"Nineteen sixty-six," said Dana, fluffing her brown curls. "I'm the baby of the group."
While the others razzed her, I did some fast calculations. If they had graduated when they were eighteen that meant these women were fifty-four years old. Of the four, only Sonya looked her age. Dana's plump cheeks were wrinkle-free. I wouldn't have guessed the green-haired Claire to be past forty. As for Kasey, her skin was stretched so tightly over her bones my estimation of her age would've been way off the mark.
Claire thrust her hands into her apron pockets. "That's how we can get away with the insults. We've been friends too long to let a little criticism separate us. Besides, nothing any of us could say would be new." She studied her friends and softly chanted, "You can boil me in oil. You can burn me at the stake. But a River City Royal is always on the make."
Dana's mouth dropped open. Sonya stiffened. Kasey said, "No, Claire. You—" But then she stopped and bit her lip.
In the silence that followed, we heard Evelyn's voice. Her tone was sharp. "I want everything perfect, right down to the leaves on the shrubs."
Evelyn walked toward us with Eddie and Oliver trailing along behind her. When I met Eddie's gaze, my stomach muscles tightened. The man had fire in his eyes. Oliver's skin was mottled. His chest rose and fell with sharp, agitated breaths.
I looked back at Evelyn. She was a beautiful woman—blue-black hair and deep brown eyes, her complexion as smooth as a magnolia blossom, her makeup flawless. She possessed a figure a teenager would have envied. Pointed breasts, a narrow waist, and nicely rounded hips were displayed in a bronze-colored dress.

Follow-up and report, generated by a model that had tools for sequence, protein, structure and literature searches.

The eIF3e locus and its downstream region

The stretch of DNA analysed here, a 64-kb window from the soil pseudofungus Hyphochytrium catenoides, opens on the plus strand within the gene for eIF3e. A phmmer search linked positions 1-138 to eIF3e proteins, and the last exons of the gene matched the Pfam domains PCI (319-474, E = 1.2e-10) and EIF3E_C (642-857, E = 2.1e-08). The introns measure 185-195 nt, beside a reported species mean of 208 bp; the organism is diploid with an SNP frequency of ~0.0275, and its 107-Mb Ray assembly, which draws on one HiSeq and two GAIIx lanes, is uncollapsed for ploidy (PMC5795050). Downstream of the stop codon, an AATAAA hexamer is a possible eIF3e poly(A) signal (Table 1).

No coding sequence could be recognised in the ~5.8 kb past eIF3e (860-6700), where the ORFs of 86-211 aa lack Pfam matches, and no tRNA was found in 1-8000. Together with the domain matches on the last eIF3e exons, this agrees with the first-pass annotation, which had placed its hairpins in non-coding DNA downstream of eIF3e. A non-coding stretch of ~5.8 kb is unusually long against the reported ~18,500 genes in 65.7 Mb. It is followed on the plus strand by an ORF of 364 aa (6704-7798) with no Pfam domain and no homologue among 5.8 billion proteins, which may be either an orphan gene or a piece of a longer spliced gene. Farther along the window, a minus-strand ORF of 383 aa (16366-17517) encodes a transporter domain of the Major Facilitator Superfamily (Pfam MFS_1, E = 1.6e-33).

"As I've told Mr. Terrell," Evelyn said, coming into our circle, "my goal for this wedding is a tribute to an exquisite woman." She dazzled us with a smile. "Thank you for coming this morning. I thought it best to be on-site for this discussion. If you have any questions, suggestions, or complaints say them now. You'll have my undivided attention. Oliver and Eddie have heard what I want." She nodded to them. "You may both go back to work."
It was a cool dismissal, but Eddie had something else to say. Oliver tugged on his son's arm, but Eddie wouldn't move.
Evelyn ignored him and said, "All right, ladies, who wants to go first?"
Claire stepped forward. "I have to get back to my shop—"
"That hot piece of gossip from Mrs. Dearborne won't wait, huh?" asked Dana.
Oliver stared at Claire. "Dearborne? Gossip? Who are you?"
Claire raised an eyebrow. "I'm Claire Alexander, owner of Claire's Hair Lair."
Oliver studied her face and shook his head. "I don't know you, but suddenly something is niggling at me." He gazed at the ground. "I wish I could remember."
Evelyn said, "Please, we have to discuss the fine points of Nikki's wedding."
Oliver closed his eyes and cocked his head as if listening to some distant sound. His hand moved up and down the handle of his spade. "So long ago," he murmured.
Excerpted from A Deadly Bouquet by Janis Harrison. Copyright © 2003 Janis Harrison. Excerpted by permission of St. Martin's Press.